The incremental changes in our appearance over relatively short spans can be subtle. Many may not notice them, or these changes could not be as pronounced.
Thus, a photo taken a few years ago can still feel very much “like them.”
Interestingly, however, when we asked respondents if they’d ever met a LinkedIn connection whose real-life appearance significantly differed from their online photo, more than 56% said “Yes.”
Have a look:
|Have You Ever Met Someone Whose In-Person Appearance Differed Greatly from Their LinkedIn Picture?||In %|
|Yes, their appearance was significantly different||56.18|
|Yes, there were minor differences, but nothing significant||27.27|
|No, their appearance closely matched their profile picture||11.89|
In other words, there’s a gap between self-perception and external observation (unsurprisingly).
On one hand, a majority of LinkedIn members feel their profile picture mirrors their current self. Yet, when meeting someone from the platform in person, many respondents have had eyebrow-raising moments.
Of course, it could also be attributed to the magic of photo editing tools.
After all, who hasn’t been tempted to sprinkle a bit of digital fairy dust on their photos?
Age Discrimination Concerns Prevent Some from Updating LinkedIn Photos
Before we sign off, we also wanted to ask Americans if they are generally satisfied with their LinkedIn profile pictures.
Let’s dive into what they shared:
The data suggests a larger inclination towards dissatisfaction with one’s picture, with nearly half of the respondents (45%) expressing discontent.
We followed up with survey takers who weren’t quite thrilled and asked why they hadn’t changed their photo yet.
Below are the results:
|If You Aren’t Satisfied with Your Current LinkedIn Profile Picture, What’s the Primary Reason You Haven’t Updated It Yet?||In %|
|I’m waiting for a special occasion (e.g., job change)||24.17|
|I’m waiting for a change in appearance (e.g., haircut, weight loss)||21.89|
|I’m concerned about age discrimination||16.53|
|I don’t have a better photo to use||9.35|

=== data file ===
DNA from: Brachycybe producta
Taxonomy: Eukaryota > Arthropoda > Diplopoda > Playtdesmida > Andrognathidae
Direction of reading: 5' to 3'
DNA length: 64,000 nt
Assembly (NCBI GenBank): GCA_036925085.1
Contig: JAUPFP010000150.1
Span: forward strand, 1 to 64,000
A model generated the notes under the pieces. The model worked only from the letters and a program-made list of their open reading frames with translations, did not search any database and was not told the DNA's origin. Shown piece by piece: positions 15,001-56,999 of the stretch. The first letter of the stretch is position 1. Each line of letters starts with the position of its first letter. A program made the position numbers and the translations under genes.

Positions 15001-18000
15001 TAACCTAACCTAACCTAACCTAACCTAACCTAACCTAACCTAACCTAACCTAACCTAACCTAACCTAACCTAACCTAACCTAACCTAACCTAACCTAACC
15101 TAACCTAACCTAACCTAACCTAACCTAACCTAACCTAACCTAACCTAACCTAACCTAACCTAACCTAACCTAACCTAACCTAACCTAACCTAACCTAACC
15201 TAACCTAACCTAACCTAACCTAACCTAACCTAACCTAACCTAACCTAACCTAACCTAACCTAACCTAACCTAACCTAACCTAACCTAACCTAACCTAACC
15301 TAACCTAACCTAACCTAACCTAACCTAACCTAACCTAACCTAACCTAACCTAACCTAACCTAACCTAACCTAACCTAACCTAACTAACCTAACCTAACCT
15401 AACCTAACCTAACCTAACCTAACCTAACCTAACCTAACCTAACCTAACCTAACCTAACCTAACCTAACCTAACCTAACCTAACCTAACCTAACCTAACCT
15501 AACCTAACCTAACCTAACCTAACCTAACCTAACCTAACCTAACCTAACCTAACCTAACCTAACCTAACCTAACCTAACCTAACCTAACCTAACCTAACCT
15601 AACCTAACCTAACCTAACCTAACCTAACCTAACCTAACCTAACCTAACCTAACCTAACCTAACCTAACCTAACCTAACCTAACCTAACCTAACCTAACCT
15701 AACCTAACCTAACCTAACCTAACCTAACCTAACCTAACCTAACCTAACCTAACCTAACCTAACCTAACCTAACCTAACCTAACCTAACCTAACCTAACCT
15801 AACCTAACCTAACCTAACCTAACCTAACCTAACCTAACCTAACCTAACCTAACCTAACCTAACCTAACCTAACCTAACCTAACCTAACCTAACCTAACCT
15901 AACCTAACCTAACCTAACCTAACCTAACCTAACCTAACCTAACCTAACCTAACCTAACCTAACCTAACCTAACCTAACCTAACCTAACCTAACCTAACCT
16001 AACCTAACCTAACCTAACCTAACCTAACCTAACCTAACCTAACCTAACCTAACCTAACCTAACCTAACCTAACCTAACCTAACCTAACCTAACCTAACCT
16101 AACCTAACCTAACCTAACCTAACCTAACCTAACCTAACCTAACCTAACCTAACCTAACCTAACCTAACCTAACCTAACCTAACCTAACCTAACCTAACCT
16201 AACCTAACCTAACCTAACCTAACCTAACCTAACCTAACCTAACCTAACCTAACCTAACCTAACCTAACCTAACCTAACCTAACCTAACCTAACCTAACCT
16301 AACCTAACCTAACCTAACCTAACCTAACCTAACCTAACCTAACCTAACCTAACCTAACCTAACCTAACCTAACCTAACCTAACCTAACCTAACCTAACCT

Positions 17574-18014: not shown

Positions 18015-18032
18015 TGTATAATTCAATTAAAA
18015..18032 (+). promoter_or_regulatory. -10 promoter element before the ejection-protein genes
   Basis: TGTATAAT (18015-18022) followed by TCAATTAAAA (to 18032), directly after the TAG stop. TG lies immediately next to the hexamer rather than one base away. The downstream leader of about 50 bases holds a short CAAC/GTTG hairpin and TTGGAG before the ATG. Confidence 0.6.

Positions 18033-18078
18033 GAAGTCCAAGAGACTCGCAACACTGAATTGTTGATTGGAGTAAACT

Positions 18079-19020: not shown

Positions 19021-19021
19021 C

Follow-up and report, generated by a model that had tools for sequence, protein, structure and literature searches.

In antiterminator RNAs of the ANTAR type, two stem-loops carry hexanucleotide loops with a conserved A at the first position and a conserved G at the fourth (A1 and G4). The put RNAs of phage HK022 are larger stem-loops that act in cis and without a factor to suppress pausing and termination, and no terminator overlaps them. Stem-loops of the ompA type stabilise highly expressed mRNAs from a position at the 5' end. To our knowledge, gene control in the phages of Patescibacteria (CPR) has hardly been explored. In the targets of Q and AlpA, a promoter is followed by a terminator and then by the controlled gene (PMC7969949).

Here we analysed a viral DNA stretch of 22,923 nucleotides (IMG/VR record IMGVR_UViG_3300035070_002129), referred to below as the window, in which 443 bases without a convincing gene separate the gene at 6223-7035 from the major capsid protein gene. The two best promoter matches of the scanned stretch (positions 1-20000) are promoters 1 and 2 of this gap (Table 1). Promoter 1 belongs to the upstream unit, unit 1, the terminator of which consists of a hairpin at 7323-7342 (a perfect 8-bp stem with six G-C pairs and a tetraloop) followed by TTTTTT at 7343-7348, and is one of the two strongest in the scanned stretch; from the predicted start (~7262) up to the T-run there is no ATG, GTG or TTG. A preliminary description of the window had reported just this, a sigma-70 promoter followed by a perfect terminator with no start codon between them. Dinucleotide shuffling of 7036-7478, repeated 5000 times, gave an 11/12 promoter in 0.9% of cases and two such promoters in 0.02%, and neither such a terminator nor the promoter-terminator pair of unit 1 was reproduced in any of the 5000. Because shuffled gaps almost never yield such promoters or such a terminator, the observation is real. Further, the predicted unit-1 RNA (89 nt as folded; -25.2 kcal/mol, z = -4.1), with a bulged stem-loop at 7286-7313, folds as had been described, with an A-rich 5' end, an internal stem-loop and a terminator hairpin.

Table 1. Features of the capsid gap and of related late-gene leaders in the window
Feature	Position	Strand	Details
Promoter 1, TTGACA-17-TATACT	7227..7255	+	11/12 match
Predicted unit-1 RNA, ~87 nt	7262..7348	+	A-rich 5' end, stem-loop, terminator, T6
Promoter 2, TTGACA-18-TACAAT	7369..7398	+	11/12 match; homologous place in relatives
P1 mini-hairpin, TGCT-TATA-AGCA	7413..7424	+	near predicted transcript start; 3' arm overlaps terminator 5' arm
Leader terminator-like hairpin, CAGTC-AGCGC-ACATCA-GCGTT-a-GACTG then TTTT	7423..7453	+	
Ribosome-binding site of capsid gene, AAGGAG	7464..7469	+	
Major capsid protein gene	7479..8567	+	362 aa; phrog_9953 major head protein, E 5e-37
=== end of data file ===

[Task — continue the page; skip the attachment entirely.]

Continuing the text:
|I don’t see the need||8.32|
|I don’t have time||2.05|
A little over 24% are holding out for a special occasion, like a job promotion or a milestone event. Meanwhile, nearly 22% are waiting for a change in appearance.
It’s the third reason that catches the eye: fear of age discrimination at 17%.
Sadly, ageism is no stranger in the professional world.
In fact, SHRM’s 2023 research shows that 30% of US workers have admitted to feeling sidelined due to their age at least once. Of these, 72% say it even made them want to quit.
It’s sobering to realize that even updating a LinkedIn photo is tinged with ageism anxieties.
Remember, in the rich tapestry of a workforce, every thread has its unique value.
Let’s ensure we don’t undervalue any based on age.
Stacking It All Up
There you have it.
A comprehensive look at active LinkedIn users’ profile picture choices.
If you believe your audience will be interested in this information, feel free to share it. Just remember to mention the source and link back to this page.
We conducted an online survey of 1,040 US LinkedIn users who visit the platform at least once a week via a bespoke online polling tool in September 2023.
The respondents were 48.9% male, 50.1% female, and 1% identified as other. 31.1% of respondents were 26 or younger, 46% were aged 27–42, 16.9% were aged 43–58, and 6% were 59 or older.
This survey has a confidence level of 95% and a margin of error of 3%. Given the gender and age makeup of our sample size, the study’s findings are statistically significant for the population at large.
This study was created through multiple research steps, crowdsourcing, and surveying. Data scientists reviewed all survey participants’ responses for quality control. The survey also had an attention-check question.
As a Digital PR specialist and a member of the Society of Professional Journalists (SPJ), Max has 5+ years of writing experience.
Over the course of his career, Max’s work has garnered significant attention, with features in numerous prominent publications such as The New York Times, Forbes, Inc., Business Insider, Fast Company, Entrepreneur, BBC, TechRepublic, Glassdoor, and G2.